Do you have any idea whether you’re “safe” online? Online security and privacy are complicated, and risks vary by person: you might worry about getting harassed, hacked, or your boss finding your terrible old blog posts and using them as an excuse to fire you. Crash Override’s Automated Cybersecurity Helper helps you secure your accounts according to your needs, and it guides you one step at a time so you don’t get overwhelmed.
First, tell C.O.A.C.H. what you need to do: avoid a hack on your accounts or website, hide your personal information, secure your computer and phone from hackers, or clean up old accounts. Then follow the instructions, which are laid out in so much detail that they can get a little tedious. But better bored than overwhelmed.
For example, to avoid getting your online accounts hacked, C.O.A.C.H. guides you through setting up two-factor authentication on popular accounts like Google, Apple, and Dropbox. It also helps you install a password manager so you can institute harder-to-crack passwords and safely forget them all.
Say you want to hide your contact info and address. If they’re already out on the internet, this is tough, but C.O.A.C.H. tries. First you’re asked if you own any domains or websites (a site’s WHOIS info can expose your address and contact info). C.O.A.C.H. then tells you how to make them more private. Next, C.O.A.C.H. helps you get your name, family info, and home addresses removed from people-search database Spokeo. Then it reveals that there are at least 272 similar data brokers online, and helps you opt out of the most popular ones.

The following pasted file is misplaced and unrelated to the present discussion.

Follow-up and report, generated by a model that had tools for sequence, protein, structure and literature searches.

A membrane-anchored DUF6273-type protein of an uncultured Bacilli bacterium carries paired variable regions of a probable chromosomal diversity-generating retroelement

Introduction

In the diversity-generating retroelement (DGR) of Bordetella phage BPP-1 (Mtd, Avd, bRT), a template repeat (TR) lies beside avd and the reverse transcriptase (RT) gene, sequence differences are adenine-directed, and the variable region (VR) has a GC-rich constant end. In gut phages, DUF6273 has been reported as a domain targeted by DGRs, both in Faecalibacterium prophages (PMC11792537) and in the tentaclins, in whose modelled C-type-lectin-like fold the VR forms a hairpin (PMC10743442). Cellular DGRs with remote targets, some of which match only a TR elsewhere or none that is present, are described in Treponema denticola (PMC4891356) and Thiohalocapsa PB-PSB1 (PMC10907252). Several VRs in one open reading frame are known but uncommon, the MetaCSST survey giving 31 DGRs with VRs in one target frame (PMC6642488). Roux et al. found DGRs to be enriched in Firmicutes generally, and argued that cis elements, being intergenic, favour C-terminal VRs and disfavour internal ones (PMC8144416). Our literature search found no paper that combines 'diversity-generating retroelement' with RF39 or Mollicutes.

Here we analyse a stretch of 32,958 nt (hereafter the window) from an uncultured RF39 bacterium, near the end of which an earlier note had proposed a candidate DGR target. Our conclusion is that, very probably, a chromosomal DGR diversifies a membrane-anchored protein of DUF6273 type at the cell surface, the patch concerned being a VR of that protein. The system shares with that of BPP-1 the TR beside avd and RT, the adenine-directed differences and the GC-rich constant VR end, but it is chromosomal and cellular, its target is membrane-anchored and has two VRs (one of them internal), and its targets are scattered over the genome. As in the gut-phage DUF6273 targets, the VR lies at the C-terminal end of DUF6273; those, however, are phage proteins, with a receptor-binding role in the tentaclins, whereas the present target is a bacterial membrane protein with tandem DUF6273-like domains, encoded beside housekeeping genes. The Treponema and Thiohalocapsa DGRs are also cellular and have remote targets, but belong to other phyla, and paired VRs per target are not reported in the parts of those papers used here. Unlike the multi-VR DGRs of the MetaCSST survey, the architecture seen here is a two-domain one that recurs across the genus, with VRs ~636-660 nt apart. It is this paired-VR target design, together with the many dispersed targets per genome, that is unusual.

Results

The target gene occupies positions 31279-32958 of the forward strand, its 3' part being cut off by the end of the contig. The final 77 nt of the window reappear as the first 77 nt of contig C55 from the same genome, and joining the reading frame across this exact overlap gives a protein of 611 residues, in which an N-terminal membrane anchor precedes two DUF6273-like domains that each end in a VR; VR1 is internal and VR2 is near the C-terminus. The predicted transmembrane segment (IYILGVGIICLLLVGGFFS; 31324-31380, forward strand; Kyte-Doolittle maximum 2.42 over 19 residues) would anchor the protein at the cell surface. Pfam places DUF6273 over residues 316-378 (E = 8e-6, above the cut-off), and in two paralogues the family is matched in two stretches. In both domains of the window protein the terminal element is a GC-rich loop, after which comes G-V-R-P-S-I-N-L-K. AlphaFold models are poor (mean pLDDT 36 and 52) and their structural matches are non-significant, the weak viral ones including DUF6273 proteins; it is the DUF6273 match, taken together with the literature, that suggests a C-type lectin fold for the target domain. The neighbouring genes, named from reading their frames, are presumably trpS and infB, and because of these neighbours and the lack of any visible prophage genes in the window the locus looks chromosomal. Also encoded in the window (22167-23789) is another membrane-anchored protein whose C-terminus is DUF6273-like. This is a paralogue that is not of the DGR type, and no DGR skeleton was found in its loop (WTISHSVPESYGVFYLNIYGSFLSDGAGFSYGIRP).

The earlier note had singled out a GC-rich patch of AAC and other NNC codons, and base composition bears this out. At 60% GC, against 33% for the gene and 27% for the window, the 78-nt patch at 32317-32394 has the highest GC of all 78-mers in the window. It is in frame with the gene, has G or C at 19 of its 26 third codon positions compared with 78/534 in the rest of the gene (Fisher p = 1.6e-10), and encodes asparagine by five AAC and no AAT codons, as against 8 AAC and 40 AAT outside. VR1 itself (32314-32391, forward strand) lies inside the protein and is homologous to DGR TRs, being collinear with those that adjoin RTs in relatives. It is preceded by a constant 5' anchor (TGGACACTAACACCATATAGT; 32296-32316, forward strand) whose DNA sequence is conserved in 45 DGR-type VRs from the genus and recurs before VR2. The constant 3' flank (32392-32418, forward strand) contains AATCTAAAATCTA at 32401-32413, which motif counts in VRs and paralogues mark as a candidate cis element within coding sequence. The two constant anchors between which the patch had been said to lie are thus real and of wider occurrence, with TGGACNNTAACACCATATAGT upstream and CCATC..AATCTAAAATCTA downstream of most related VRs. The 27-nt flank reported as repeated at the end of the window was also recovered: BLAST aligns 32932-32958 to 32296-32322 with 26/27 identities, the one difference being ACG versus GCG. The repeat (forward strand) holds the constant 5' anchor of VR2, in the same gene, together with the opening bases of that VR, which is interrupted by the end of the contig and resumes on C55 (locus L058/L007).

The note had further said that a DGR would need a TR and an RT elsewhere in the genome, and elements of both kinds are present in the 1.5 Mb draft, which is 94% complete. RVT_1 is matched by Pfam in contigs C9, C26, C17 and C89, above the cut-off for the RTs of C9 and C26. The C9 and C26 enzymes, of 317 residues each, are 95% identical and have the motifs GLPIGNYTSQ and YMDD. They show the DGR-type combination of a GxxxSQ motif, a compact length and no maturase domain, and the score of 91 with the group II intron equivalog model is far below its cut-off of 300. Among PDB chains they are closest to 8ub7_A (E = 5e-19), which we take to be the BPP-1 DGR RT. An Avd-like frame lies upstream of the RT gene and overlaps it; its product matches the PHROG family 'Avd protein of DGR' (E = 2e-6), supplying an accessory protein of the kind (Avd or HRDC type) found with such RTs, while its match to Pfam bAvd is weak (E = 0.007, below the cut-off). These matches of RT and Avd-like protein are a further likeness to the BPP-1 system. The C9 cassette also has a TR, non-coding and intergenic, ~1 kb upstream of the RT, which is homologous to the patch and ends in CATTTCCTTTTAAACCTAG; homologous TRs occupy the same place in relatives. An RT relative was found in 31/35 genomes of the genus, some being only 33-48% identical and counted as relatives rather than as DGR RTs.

C.O.A.C.H. is a service of Crash Override, “a crisis helpline, advocacy group and resource center for people who are experiencing online abuse.” You can check out other Crash Override resources, like a guide to talking to family and police when you’re facing online abuse, and links to services for anonymized web browsing, device security protection, and more.
C.O.A.C.H. itself often links to other resources, like Just Delete Me, which helps you delete old online accounts, and Two Factor Auth List, which gives instructions for enabling two-factor on hundreds of sites and services. (Many of C.O.A.C.H.’s chosen resources are Lifehacker favorites.) Like we said, this stuff is complicated. So just try one step, and if that helps, try one more.
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